Venice or Rome: The Ultimate Guide for Your Italian Adventure

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Living just an hour away from the enchanting City of Canals, Venice, I’ve had the privilege of immersing myself in its unique charm and allure over the years. 

I’ve also been fortunate enough to visit Rome, the Eternal City, more than a dozen times. 

Both cities, rich in history, culture, and mouth-watering Italian cuisine, offer distinct experiences to the discerning traveler. 

If I didn’t live nearby to be able to visit Venice on a whim and could only choose one to visit, it would be Rome as I am a huge Roman Empire buff. However, I love both Venice and Rome and each has its own unique reasons to visit. 

From the romantic gondola rides through Venice’s waterways to the awe-inspiring grandeur of Rome’s Colosseum, each city tells a different tale.

But how can you decide between Rome or Venice when planning the perfect getaway? 

This guide, steeped in my personal experiences and observations, will help you explore various factors such as attractions, local culture, cuisine, and accommodations, and guide you toward making an informed decision for your dream vacation.

Read on and decide for yourself which destination is better for your next Italian adventure!

Staying overnight in Venice? Here’s my ultimate 2 day itinerary!

Historical Significance


Venice is one of the rare cities in which there is no need to imagine what it used to look like in its glory days. The city is trapped in amber and looks just as it did centuries ago.

The City of Canals boasts a history that’s as deep and winding as its iconic waterways. Known for its strategic importance in the spice trade, Venice flourished during the Middle Ages and Renaissance as a wealthy and powerful maritime republic.

basilica san marco in venice italy

Today, you can visit Venice and step back in time by visiting landmarks such as the Doge’s Palace, once the residence of the Venetian leader, or the Basilica di San Marco, a masterpiece of Byzantine architecture. 

For a deeper dive into Venetian history, consider visiting the Correr Museum, where you can explore an extensive collection of art and historical artifacts. Or, check out the Arsenale where the Venetian warships were famously made with one being launched every day.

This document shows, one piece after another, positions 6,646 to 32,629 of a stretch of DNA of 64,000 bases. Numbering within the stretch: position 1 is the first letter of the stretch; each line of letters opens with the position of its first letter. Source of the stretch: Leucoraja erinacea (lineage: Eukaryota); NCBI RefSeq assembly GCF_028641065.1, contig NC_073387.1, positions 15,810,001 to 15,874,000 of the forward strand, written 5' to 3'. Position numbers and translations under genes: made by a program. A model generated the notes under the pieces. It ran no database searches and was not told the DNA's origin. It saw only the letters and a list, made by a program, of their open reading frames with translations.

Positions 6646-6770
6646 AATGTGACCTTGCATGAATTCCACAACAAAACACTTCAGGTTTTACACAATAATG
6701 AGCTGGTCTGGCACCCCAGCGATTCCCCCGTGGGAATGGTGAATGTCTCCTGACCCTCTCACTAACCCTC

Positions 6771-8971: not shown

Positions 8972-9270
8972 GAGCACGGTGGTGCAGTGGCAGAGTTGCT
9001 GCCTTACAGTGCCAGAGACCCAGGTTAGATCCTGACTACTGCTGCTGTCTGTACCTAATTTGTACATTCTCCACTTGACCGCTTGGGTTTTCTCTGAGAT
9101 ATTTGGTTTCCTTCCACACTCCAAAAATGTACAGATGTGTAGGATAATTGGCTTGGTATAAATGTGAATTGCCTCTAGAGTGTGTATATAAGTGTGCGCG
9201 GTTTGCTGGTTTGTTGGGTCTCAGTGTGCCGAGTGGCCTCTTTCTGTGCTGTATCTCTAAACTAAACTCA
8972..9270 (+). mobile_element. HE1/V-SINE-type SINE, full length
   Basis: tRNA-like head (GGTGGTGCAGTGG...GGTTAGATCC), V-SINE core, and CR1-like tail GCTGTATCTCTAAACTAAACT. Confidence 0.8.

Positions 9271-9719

Walking tours, gondola rides, and the simple act of wandering through Venice’s labyrinth of canals and narrow alleys offer countless opportunities to appreciate the city’s unique blend of Gothic, Renaissance, and Byzantine architecture.


When it comes to historical significance, both Venice and Rome have a high historical value, but Rome is in a league of its own. 

Founded in 753 BC, the city has been the center of one of the greatest civilizations in history, the Roman Empire, and the heart of the Catholic Church. When you visit Rome and wander its streets, you’re treading on layers of history, where ancient ruins lie beneath medieval buildings and Renaissance palaces. 

coloseum in rome

Visit the Colosseum, the largest amphitheater ever built, to picture the gladiatorial contests and public spectacles of ancient Rome. Explore the Roman Forum and Palatine Hill, where the foundations of the empire were laid. 

The Vatican Museums house an enormous collection of artworks and historical pieces, while the Sistine Chapel offers a glimpse into the artistic genius of Michelangelo. Every corner of Rome speaks volumes about its past, from the ancient ruins to the Baroque architecture that characterizes the cityscape.

Cultural Experiences


Venice, the enchanting city of water, has a cultural scene that’s as vibrant and diverse as its history. A city renowned for its connection to music, Venice was the birthplace of Antonio Vivaldi and it played a crucial role in the development of operatic music.